This coiled basketry jar was made by a member of the Tohono O'odham nation named Sally Juan. Thanks to an accompanying information card, we have the e pleasure of knowing the maker of this beautiful lidded basket. The foundation of this piece is composed of coils of beargrass, with approximately three coils per inch, which are stitched together using strips of the stiff, pointed leaves of the yucca plant. The stitch count is nine per inch, nice and tight. The stepped, geometric designs on the basket and the designs on the lid were made using pods from the devil's claw plant. In the 1930's, when the willow the Tohono O’odham women previously used for basket making became scarce on the Reservation, they turned to yucca and bear grass.
Tohono O'odham (the name means "Desert People") baskets are handmade with the native plants of the Sonoran Desert in southern Arizona, without any dyes, just the natural colors of the plant materials. Some of this information is on the Papago Trading Post card found inside the basket, along with a tag that we don't think belongs with this basket. We'll include both when we ship the basket. The Papago Trading Post in Stanfield, Arizona, known for selling exquisite Papago baskets, closed long ago; although both of these cards are undated, we believe the basket was made in the 1960's. Notice the price --- $9.00!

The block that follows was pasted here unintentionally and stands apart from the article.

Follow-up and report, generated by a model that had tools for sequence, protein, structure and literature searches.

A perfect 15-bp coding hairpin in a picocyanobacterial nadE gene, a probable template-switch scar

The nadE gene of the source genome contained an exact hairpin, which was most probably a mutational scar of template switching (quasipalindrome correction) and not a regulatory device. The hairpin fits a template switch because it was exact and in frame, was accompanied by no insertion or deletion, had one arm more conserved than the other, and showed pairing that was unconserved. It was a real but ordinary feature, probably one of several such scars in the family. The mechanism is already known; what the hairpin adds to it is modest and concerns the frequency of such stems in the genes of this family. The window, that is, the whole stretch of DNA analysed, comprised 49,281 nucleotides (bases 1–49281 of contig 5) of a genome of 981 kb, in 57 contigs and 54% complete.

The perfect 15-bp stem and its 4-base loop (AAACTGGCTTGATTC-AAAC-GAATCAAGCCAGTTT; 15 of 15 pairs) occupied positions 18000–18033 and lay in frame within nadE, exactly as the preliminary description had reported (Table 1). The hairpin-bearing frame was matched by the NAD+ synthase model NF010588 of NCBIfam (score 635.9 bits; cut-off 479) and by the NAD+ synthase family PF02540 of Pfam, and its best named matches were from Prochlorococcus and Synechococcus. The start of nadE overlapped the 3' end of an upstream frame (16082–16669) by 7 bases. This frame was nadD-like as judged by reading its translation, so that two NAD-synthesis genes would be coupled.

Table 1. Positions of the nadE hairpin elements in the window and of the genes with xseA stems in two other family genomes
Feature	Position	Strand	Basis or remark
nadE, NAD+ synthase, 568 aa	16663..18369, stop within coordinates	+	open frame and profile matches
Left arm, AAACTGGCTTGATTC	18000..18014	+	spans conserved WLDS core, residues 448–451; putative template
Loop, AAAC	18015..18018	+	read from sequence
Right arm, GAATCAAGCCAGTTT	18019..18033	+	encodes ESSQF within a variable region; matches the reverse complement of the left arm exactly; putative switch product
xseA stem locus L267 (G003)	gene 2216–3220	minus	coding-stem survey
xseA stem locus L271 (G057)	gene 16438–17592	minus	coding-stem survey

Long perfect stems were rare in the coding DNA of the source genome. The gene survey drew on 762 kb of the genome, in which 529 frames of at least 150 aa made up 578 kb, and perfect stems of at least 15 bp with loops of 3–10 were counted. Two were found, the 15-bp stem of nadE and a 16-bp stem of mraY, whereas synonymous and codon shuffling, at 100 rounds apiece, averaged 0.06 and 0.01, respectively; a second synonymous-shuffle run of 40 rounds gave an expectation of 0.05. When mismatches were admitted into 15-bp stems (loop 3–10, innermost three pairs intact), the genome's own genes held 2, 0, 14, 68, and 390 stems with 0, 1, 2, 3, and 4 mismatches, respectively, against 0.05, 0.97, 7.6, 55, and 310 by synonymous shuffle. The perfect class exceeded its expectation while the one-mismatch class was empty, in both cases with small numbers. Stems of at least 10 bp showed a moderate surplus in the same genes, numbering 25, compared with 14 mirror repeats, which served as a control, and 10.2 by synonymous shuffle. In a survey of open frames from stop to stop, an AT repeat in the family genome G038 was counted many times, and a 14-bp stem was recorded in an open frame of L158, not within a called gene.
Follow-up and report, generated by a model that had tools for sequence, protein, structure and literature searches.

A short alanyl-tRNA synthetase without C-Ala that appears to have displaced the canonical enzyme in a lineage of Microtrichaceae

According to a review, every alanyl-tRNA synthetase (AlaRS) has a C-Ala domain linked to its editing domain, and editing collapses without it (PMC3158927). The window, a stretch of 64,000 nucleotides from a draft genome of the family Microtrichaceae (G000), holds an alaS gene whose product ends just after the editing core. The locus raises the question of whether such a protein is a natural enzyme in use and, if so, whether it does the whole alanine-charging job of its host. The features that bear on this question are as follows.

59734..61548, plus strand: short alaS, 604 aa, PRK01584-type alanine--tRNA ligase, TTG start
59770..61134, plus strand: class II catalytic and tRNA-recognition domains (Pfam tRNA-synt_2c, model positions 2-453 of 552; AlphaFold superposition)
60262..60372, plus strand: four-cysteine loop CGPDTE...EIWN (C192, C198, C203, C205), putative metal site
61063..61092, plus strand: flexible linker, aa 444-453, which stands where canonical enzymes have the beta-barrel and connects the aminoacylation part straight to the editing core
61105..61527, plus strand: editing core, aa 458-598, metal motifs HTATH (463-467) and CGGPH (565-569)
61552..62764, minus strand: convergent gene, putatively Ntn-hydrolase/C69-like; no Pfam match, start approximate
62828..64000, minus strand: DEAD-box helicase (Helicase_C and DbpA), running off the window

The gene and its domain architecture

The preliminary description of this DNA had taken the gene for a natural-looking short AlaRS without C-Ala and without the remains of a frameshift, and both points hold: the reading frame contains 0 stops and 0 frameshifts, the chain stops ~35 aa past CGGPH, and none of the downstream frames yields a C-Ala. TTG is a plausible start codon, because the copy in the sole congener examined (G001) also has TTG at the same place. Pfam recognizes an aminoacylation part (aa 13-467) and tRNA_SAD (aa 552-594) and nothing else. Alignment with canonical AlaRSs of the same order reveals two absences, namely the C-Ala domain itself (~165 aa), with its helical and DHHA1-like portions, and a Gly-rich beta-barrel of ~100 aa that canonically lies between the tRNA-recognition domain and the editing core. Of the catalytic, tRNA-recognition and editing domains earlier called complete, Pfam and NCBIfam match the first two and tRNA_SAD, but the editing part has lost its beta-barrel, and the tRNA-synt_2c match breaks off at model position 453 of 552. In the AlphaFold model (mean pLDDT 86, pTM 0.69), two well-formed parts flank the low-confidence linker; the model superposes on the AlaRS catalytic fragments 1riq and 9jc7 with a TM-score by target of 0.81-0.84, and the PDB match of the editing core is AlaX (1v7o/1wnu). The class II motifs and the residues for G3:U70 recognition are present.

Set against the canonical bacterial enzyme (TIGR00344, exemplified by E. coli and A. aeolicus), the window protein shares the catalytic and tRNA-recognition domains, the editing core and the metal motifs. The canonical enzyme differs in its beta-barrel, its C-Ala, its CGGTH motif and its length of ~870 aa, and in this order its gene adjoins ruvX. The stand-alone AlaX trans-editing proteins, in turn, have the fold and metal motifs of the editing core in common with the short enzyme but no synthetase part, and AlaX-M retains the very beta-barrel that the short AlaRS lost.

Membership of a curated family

The basket stands 5 inches tall without the lid, 7 inches to the top of the coiled knob when the lid is on. At the widest point across the shoulder it measures 7 inches, its base is 5 1/2 inches in diameter and it weighs just under a pound. It's in excellent condition, with no breaks, missing pieces or stitch losses. The lid fits snugly and securely and the basket sits evenly on flat surfaces. The variation of the color of the designs comes from the use of natural, undyed fibers. Tohono O'odham basket makers are some of the finest among native Americans. This basket by Sally Juan bears out that assessment. It's an excellent find to add to a collection or use for decoration.
*** The Tohono O'odham tribe prefers that name over the previously-used Papago. Their designs are sometimes named, but not from ancient usage. The names were often coined by sellers to please their curious customers.--in fact, some of the designs were suggested by the buyers.